Seán Cotter avatar
by Seán Cotter on 10 Apr, 2018 ~11 minutes read

Leveraging your marketing and customer service team’s shared passion for customer experience has been a goal of most companies in the first quarter of 2018 - the year Forrester calls a year of reckoning for CX. But individual companies are still struggling to de-silo their customer experience offering across marketing and customer service teams (and that means a lot of valuable customer insights aren’t being shared).

In the age of new social algorithms, growing disintermediation risk from Amazon and Google, and tightened budgets, bringing valuable CX insights to the table to create powerful and effective marketing strategies can be the missing ingredient in your marketing team’s recipe for success.

Knowing your customer is Marketing Strategy 101. But recently, trendsetters have been taking a more active role in using CX tech to create more powerful marketing. Accenture Analytics acquired Search Technologies, a tech services firm that specialises in handling and implementing big data and search analytics. The fact that Accenture Analytics is doubling down on their ability to collate customer data is a pretty good indicator of which way the wind is blowing. And names like Deloitte and SAS are scraping customer data to provide the best insights for their clients. One thing is for sure: There’s accelerating interest in customer experience management analytics and insights to drive better marketing.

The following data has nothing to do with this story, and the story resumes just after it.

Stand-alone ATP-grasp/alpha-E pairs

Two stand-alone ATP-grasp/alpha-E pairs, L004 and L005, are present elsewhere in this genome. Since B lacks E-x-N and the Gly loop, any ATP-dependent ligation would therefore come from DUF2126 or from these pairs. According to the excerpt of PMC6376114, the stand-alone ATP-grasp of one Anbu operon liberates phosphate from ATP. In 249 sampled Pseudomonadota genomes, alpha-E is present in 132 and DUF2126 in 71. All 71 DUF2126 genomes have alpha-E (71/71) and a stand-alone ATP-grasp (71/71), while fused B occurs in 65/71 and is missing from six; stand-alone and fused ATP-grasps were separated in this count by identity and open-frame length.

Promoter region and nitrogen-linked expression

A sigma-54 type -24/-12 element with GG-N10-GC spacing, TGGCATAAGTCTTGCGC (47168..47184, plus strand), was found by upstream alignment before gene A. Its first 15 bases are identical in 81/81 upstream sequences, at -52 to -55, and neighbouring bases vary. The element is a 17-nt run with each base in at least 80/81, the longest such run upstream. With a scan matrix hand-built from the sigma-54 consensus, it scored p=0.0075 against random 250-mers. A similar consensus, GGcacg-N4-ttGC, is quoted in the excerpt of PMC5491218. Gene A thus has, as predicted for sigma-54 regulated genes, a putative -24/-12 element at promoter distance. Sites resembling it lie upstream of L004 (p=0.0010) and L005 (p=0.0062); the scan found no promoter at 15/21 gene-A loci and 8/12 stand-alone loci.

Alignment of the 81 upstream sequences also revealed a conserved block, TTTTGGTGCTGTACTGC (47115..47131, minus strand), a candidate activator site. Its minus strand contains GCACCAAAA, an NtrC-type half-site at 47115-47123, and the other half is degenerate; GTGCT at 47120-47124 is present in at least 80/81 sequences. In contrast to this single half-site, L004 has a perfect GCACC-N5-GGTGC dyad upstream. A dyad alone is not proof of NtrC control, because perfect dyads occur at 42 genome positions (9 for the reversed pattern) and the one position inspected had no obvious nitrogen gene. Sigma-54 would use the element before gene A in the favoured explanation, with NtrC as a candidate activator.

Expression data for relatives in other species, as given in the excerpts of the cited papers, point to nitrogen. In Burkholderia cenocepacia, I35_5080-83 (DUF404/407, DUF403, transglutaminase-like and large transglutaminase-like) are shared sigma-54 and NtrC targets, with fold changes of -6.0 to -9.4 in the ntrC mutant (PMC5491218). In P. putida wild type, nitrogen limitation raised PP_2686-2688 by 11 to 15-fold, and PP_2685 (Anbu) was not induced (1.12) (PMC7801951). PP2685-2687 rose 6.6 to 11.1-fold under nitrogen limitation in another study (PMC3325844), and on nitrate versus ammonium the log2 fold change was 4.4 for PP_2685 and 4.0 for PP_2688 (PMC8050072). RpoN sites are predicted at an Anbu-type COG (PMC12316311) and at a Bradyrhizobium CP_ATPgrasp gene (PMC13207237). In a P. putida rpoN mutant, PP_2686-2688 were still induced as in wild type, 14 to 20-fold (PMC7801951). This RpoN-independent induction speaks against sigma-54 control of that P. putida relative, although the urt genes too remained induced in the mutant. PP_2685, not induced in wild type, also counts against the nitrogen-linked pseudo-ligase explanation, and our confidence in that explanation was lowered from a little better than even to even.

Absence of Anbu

What does CX have to do with customer research?

CX (Customer Experience) is the discipline of mapping a customer’s entire digital journey and responding to it by creating as smooth, intuitive, and memorable experience as possible. But the importance of customer experience is far more than a definition.

At its core, good CX is about being able to predict what a customer wants, when in their journey they’re likely to want it, and meeting and exceeding their expectations at every touchpoint. So, when we think about customer experience management as a process and practice, the relevance of customer research starts to become obvious. Leveraging your existing data, even from cursory reviews of your Google Analytics, to create a compelling, trackable customer journey is not only the principle of a good CX strategy; it’s how you can create a compelling marketing strategy based on what your customers want.